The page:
Terrifying NASA Video Shows How Carbon Emissions Are Engulfing the World
The space agency has released a video of high-resolution imagery documenting carbon emissions released over an entire year. The result is what looks like the world’s biggest storm stretching the length of the northern hemisphere.
The video is the first time scientists have been able to see in fine detail how carbon dioxide moves through the atmosphere, showing the source of greenhouse emissions and their destination.
It’s mesmerizing and scary. The large, swirling, cloud-like plumes grow and spread across the globe over an entire seasonal cycle, showing just how far C02 emissions can spread.
As the time-lapsed animation rolls through the year, the differences between spring, summer, fall, and winter are obvious—especially in the northern hemisphere. As the plant-growing season peaks in late spring and summer, the dark red plumes that signify the worst concentrations of carbon dioxide dissipate.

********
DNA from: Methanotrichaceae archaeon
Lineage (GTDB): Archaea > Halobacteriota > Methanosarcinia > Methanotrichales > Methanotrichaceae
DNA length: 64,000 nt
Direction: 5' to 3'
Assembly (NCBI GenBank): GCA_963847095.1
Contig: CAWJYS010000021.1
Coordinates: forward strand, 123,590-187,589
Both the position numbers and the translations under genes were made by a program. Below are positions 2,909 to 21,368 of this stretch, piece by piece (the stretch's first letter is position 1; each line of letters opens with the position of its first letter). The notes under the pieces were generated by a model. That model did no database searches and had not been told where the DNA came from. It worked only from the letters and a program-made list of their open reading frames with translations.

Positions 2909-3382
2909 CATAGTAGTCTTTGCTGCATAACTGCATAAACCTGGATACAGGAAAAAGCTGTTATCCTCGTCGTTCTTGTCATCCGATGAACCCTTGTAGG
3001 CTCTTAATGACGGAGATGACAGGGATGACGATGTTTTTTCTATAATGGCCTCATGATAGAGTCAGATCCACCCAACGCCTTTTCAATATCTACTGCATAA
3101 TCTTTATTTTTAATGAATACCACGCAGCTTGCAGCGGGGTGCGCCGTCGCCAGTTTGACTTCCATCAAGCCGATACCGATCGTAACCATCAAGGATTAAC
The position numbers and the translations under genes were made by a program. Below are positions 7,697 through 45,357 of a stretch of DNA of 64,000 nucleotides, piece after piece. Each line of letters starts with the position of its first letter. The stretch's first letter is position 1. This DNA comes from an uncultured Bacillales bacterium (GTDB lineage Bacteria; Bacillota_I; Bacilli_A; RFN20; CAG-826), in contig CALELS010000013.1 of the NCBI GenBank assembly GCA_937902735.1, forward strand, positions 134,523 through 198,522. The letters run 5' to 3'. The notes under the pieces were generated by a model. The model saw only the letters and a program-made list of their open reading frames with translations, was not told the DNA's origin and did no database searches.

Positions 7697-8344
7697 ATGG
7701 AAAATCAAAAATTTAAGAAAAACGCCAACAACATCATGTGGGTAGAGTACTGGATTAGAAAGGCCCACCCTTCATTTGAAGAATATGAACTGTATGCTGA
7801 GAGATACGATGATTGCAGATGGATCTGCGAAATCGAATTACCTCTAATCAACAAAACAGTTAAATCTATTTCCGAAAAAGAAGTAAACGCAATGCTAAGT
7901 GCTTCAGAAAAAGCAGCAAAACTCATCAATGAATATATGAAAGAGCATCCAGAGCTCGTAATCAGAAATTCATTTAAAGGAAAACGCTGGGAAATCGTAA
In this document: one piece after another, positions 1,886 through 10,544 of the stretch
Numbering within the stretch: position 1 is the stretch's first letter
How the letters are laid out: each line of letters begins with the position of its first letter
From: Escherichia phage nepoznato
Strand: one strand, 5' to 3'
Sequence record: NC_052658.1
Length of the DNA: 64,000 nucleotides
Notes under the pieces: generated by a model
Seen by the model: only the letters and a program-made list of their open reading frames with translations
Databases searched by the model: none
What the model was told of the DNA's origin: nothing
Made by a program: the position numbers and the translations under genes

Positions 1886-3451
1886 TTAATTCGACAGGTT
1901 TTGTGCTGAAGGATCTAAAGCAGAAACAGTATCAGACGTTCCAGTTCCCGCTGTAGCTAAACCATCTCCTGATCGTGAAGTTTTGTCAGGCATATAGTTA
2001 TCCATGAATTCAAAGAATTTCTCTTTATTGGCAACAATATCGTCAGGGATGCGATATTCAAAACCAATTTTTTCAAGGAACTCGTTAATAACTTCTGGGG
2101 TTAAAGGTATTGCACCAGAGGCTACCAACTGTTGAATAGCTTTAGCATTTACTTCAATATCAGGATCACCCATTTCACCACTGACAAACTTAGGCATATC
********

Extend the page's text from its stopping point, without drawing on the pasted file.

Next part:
But as plant growth levels off in fall and winter, the dark plumes creep back up as humans spew carbon into the atmosphere from power plants, factories, and cars.
Bill Putman, a scientist at NASA’s Goddard Space Flight Center, narrates the three-minute video and explains what the terrifying dark reds really mean.
“As summer transitions to fall and plant photosynthesis decreases, carbon dioxide begins to accumulate in the atmosphere,” Putman says. “Although this change is expected, we’re seeing higher concentrations of carbon dioxide accumulate in the atmosphere each year.” That, in turn, is contributing to the long-term trend of rising global temperatures.
So what else does the map show? For starters, the world’s top three emitters—China, the U.S., and Europe—are easy to spot. Large red-tinged tails swirling above the areas indicate the highest concentrations of carbon.
The video also shows how wind plays a key role in pushing carbon around the world, and how emissions levels can change rapidly because of weather patterns.
“The dispersion of carbon dioxide is controlled by the large-scale weather patterns within the global circulation,” Putman says.
The released video portrays carbon emissions in 2006. Given that emissions have only increased since then, the current situation is even more dire.
In the future, the computer modeling data can help scientists better determine the location of carbon sources and sinks.